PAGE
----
• Nyonya Food says:

      OysterCulture – Have you been to Malaysia? If you haven’t, you absolutely have to. You can only get great and authentic assam laksa in Penang. Those served outside of Penang somehow just tastes different, and I am not biased in this case because many people come far and away to Penang just to have their fix. ;)

  4. Eric Lam says:

    Hi there, this is the first time I comment on

    My query is, can we add the “Heh Koh” in the fish broth too as I think it will enhance the taste of the Laksa.

    I did cook laksa at home and everytime I just can’t get the right taste of Laksa until I have to put some “Heh Koh” in the broth to bring out the taste from the fish soup.

    • Nyonya Food says:

      Eric – I agree, you can add heh koh into the fish broth to enhance the taste. I also add some fish sauce to bring out the taste, or add a lot of heh koh when serving. :)

  5. Mmmmmmm love love love! Laksa. Unfortunately all the ones I’ve had here have been pretty bad. I’ll have to try making it at home sometime.

    • Nyonya Food says:

      Marc – all Malaysian restaurants in the US are really not that great. The only good laksa I had tried which I liked was “PENANG” in Boston. It was close to the real deal but that was like more than 10 years ago…

  6. YL says:

    I brought my Chinese friend (from Northeast China) to try Assam Laksa and she didn’t like it. She said the smell was too strong. She didn’t even like the first taste of the soup. I guess only we, the Malaysians, know how to enjoy it every bit.

    • Nyonya Food says:

      YL – Yeah, I think mainland Chinese are not used to our foods. I noticed that European, even Americans love assam laksa but mainland Chinese thinks it’s repulsive!!!

  7. kl_changs says:

    What a charming story, Bee : ) Laksa Ang Kong. *chuckle*

    I found frozen bunga kantan at the asian grocery store here. Haven’t used it yet though. Hope it gives a bit of the aroma…but doubt it lah….

    • Nyonya Food says:

      Yes, you have to check it out if you go back to Penang. It’s true, I am not joking. Frozen bunga kantan sounds great, I don’t even have the frozen ones. :(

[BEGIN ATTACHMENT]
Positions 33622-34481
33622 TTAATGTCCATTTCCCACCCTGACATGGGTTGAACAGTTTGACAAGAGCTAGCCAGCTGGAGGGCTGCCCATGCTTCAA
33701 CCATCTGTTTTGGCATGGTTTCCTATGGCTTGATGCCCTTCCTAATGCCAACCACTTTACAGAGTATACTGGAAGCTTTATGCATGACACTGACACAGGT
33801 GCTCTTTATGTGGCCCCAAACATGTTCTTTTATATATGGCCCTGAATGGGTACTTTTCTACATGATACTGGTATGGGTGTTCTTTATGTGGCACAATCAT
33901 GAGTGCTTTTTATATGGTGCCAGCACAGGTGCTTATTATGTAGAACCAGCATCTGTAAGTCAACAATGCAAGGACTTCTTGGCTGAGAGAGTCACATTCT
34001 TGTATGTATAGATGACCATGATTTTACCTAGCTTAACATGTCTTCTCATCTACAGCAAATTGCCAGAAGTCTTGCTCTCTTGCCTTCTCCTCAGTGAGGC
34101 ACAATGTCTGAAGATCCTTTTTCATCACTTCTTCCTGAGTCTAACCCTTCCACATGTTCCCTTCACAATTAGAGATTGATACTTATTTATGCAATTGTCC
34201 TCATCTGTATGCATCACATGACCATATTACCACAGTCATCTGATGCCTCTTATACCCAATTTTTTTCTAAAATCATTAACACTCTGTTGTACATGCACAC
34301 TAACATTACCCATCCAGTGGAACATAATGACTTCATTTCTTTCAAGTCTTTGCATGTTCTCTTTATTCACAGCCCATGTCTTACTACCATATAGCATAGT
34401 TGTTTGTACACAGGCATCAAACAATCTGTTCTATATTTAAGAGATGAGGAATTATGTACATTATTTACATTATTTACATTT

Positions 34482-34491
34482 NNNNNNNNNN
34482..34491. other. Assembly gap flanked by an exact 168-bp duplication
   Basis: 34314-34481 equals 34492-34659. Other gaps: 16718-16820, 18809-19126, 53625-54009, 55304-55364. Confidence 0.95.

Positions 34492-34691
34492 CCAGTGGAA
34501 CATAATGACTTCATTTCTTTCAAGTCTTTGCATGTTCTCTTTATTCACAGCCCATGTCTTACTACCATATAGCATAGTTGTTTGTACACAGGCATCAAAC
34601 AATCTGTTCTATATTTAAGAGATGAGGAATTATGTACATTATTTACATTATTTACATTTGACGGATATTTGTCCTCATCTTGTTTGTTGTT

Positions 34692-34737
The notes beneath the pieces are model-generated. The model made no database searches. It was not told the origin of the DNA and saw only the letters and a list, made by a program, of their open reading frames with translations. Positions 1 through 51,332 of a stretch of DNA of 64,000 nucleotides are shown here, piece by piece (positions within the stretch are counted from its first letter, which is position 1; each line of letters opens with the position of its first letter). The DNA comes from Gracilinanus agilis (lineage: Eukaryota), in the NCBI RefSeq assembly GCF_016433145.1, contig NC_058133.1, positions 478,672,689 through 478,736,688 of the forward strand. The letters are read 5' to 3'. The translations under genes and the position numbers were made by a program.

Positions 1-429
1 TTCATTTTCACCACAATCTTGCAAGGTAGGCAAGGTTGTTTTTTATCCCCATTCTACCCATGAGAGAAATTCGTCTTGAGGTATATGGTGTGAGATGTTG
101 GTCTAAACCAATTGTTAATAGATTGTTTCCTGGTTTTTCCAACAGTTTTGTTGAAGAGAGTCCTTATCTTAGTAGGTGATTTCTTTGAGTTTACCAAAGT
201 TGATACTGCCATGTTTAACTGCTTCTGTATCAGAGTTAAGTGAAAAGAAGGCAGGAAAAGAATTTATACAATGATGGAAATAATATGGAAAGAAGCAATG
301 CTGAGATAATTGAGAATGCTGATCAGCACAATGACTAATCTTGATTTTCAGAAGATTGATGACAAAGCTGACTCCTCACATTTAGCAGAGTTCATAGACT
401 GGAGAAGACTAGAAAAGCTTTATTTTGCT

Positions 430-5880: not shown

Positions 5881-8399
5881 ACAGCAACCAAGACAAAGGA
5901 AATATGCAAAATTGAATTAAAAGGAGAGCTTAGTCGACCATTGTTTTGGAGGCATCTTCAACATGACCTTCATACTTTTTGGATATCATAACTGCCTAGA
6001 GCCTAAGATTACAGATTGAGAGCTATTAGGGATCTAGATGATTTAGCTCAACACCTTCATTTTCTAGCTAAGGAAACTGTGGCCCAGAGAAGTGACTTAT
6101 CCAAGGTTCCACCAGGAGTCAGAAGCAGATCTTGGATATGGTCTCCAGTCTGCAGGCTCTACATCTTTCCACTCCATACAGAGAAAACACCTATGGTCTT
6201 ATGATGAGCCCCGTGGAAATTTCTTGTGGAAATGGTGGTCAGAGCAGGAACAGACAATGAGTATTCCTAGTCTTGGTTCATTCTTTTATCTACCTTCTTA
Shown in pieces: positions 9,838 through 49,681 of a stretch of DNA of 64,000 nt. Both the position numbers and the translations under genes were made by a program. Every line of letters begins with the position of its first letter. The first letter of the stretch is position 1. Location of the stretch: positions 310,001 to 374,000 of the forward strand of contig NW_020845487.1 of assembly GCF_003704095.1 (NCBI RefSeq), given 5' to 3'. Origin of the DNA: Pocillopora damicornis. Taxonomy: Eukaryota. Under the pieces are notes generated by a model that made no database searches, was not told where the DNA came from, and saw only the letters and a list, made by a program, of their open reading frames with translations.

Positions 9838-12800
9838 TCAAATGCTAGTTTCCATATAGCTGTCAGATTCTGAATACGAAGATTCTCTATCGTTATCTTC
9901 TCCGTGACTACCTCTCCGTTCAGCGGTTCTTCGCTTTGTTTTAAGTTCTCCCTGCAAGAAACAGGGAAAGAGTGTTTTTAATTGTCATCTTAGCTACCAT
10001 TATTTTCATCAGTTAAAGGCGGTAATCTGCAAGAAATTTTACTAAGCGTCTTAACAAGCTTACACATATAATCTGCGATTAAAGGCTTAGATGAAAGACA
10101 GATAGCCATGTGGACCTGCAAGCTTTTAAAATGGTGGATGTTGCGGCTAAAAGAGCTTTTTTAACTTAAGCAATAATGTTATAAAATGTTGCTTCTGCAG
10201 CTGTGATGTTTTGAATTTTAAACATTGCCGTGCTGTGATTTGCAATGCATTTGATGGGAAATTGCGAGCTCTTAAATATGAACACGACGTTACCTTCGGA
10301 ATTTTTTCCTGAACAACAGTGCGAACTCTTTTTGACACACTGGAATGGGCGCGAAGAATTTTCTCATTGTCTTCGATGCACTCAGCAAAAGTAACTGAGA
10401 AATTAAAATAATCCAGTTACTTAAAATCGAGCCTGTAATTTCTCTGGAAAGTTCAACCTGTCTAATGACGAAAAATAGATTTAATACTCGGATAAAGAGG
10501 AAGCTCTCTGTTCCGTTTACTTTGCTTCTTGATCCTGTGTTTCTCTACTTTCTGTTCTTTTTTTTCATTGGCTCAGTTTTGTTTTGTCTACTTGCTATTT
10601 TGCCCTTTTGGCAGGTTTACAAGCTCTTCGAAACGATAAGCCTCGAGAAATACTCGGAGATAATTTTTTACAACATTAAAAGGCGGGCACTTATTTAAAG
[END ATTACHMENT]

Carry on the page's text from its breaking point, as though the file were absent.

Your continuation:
8. Trissa says:

    I’m a big laksa fan and will have to try your recipe very soon. Thank you for sharing your family recipe.

    • Nyonya Food says:

      Trissa – great. The secret is to have lots of heh ko when you serve. That pretty much does the trick. ;)

  9. Aleena Wee says:

    Oh I am having severe cravings for it now! My favorite Asam Laksa stalls in Penang are the one at the Ayer Itam market and Bee Hooi kopitiam at Pulau Tikus. Sadly to say, I dont think I have seen bunga kantan here in Seattle. Will keep a lookout for it though!


    • Nyonya Food says:

      Every laksa stall in Penang is my favorite, because they all taste different, but yet so delicious. ;)

  10. npm says:

    Oh my goodness, Penang asam laksa is my FAVORITE! While living in KL, I used to snake my way through the sweaty, yelling crowd of Petaling Street to get to the best asam laksa in KL..a really shabby-looking roadside stall. For that, I guess you can call me Laksa Buddhist :D

    • Nyonya Food says:

      NPM – I know the Petaling Street stall and when I studied in KL, I would go there to eat. Unfortunately, it’s really not good in my opinion. The biggest problem I have with it is that it uses canned sardine. Yikes. Anyway, I am a true blue Penangite, so I am very critical when it comes to our laksa!!!

      • npm says:

        Didn’t know they were using canned sardines! Last I ate there was about 7 or 8 yrs ago with a friend from Chicago. Always the case, the more popular the stall gets, the less quality control there is. Have not tried authentic asam laksa in Penang so can’t tell the difference…yet. Must go to Penang soon.

        • Nyonya Food says: